On South Hill...across from Chaseville, there is a place called Manaho Gorge. It is named for "Manaho," the only daughter of Chief Schenevus. Years ago, the now tine brook was a roaring stream which flowed into a foaming waterfall & cascaded down into a tranquil pool at the base of the gorge. It was here that the great tragedy of the tribe of Chief Schenevus...the tribe of the Speckled Trout occurred.
Schenevus was an Indian Chieftain in the region of the Susquehanna River. There was no Chief as powerful & feared as he. Chief Schenevus had many warriors under his command. He also had many scalps which hung in his wigwam. But even more than all his power, Chief Schenevus loved his daughter, Manaho. Manaho was light of foot, light of heart, happy and loving. Her voice was like rippling water and her form was like the passing of a soft breeze.
There were many lovers who sought the favor of Manaho, but she loved only one man...his name was Manatee, son of Wameto. Manaho and Manatee's favorite retreat was the pool at the bottom of the falls, in what is now called Manaho Gorge. One evening, while gazing into the pool, the young lovers' happy faces were mirrored side by side on it's tranquil surface. "Look," said Manaho, "we are there together." Manatee replied, "It is a sign from the Great Spirit that where I am, there you shall always be."
One clear summer morning, the braves of Chief Schenevus set out to hund deer. Manatee took the trail that led along the edge of the gorge. Another brave, named Ghangu, (who also loved Manaho), followed Manatee closely. At the edge of the gorge, high above the pool, Manatee stopped. He bent over the edge to gaze at the pool beneath. Ghangu took this opportunity to catch Manatee off guard. He sprung forward and pushed Manatee into the gorge. As he fell, the pines on the hill echoed Manatee's dying wail. The waters of the pool stirred greatly as they received him but were quick to close over him peacefully. Ghangu departed and was never seen again.
Later that evening, all of the hunters returned. All that is, except Manatee. Manaho, thinking that perhaps he was waiting for her at the gorge, went to the edge above the pool. He was not there. She leaned forward to gaze at the waters below and staring up at here were her lover's cold, still eyes. Manaho looked again and there mirrored on the surface, were their two faces side by side. It was then that she remembered the words of Manatee; "It is a sign from the Great Spirit that wherever I am, there you shall always be."
The two young lovers were found dead beneath the watery surface of the pool. Upon hearning the sad news of their discovery, the village mourned greatly for Manaho, the last blood of Chief Schenevus.
Since then, years have passed. It is said that even now, when twilight falls and the wind blow through Manaho Gorge, and echo in the hills still whispers, "Where you are, there too I shall always be."
What was then a great stream is now only a trickle, but there is a huge stone at the base of the falls where the pool of water lies, which bears a great red stain. It was here that the life blood of Manaho and Manatee was mingled.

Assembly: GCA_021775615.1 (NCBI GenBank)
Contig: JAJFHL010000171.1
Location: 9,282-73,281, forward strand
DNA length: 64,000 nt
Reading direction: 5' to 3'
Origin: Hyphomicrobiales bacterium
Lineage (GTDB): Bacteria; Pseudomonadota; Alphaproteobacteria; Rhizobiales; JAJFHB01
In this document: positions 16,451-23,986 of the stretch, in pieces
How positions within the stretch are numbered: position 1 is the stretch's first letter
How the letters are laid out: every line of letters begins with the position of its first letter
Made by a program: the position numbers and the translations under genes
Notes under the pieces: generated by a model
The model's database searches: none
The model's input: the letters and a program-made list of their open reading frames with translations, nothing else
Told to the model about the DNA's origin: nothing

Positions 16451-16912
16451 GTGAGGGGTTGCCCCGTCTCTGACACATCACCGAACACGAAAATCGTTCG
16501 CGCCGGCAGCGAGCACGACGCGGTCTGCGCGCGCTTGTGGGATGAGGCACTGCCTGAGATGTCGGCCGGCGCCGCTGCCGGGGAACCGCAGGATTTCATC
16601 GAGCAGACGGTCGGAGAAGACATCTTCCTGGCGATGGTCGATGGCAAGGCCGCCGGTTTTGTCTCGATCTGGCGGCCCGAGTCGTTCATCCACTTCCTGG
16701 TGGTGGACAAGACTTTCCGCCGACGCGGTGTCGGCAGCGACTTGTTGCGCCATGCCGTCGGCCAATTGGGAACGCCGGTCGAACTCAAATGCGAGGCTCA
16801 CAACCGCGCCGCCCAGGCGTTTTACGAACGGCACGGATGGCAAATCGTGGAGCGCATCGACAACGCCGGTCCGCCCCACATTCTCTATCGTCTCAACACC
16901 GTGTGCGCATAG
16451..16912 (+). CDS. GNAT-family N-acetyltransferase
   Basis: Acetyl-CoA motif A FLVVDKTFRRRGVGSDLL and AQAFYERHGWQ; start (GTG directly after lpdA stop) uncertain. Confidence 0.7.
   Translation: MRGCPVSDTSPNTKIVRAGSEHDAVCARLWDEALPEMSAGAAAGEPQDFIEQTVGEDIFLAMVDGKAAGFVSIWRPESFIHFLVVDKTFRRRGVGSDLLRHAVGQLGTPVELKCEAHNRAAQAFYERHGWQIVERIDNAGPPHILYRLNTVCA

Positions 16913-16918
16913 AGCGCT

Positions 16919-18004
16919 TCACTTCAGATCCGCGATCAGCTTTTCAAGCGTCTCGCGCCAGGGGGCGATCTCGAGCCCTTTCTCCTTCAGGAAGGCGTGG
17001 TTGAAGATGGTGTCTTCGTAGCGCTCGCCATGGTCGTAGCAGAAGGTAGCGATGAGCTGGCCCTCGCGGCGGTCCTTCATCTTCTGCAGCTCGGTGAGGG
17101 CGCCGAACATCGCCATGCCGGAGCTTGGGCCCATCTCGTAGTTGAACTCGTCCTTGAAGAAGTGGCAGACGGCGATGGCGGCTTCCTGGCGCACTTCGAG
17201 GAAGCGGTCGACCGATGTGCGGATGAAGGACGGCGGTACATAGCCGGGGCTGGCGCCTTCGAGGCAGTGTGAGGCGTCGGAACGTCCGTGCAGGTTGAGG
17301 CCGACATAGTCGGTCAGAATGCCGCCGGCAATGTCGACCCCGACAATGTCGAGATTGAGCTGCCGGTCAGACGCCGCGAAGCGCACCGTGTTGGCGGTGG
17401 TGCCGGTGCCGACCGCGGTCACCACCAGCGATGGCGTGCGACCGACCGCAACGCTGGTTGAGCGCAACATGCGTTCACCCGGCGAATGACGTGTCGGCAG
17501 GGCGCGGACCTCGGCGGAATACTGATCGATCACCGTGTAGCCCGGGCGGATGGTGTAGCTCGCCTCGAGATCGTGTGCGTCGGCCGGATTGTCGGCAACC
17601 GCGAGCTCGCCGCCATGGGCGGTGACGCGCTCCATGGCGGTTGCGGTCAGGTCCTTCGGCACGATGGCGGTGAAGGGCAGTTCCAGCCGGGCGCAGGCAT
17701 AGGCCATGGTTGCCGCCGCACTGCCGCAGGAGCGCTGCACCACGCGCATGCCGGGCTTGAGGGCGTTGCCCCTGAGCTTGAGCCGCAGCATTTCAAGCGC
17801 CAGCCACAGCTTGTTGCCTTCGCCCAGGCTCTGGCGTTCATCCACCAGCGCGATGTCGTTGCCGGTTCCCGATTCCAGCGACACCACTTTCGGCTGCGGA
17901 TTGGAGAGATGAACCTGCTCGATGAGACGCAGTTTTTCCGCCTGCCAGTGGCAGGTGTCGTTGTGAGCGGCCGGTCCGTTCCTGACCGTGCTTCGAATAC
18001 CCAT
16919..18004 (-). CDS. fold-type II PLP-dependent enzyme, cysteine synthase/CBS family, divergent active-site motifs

So ends the legend of Chief Schenevus and Manaho Gorge.
Thank you to Chief Schenevus Restaurant and Bakery for sharing a pamphlet containing this legend.
Gold In Schenevus
During the Revolutionary War, it is said that Tories and Indians passed through the town of Maryland many times. There is a vague belief that during these trips, the Tories and Indians hid gold, believed to be either stolen or belonging to the British, near Schenevus. This belief was handed down and kept alive by descendants of the Tories and Indians, who visited Schenevus at various times aroused attention with their supposed strange movements, There is a story which goes along with this belief, and it goes as follows:
In 1870, an Indian claiming to be a medical doctor arrived in Schenevus. Soon after his arrival, two strangers drove up to a farmhouse a mile or two from Schenevus, had their horses put into a stable, and went off by themselves. They were seen in certain fields, apparently in search for something. After a couple of hours, they returned to the farm, got their horses, and left. A few days later, they came back at early evening, put their horses in the stable, and went away, only to return sometime during the night and ride off with their horses.
These strange movements aroused the curiosity of many people. This curiosity was increased by a report that these men were descendants of Tories who had lived in Schoharie County during the Revolutionary War times. A search was instituted for the cause for their strange movements. Measurements were found that had been made from certain springs and permanent landmarks, and stakes were stuck in the ground along these areas. At one point, there was an excavation of earth, in which the dirt that was thrown out was returned. The hole was reopened and at the bottom was the plain form of an old fireplace dinner pot with a flat stone near it that fit as a cover.
The searchers never found out what had been in that pot, but the belief is that it was filled with gold at one time.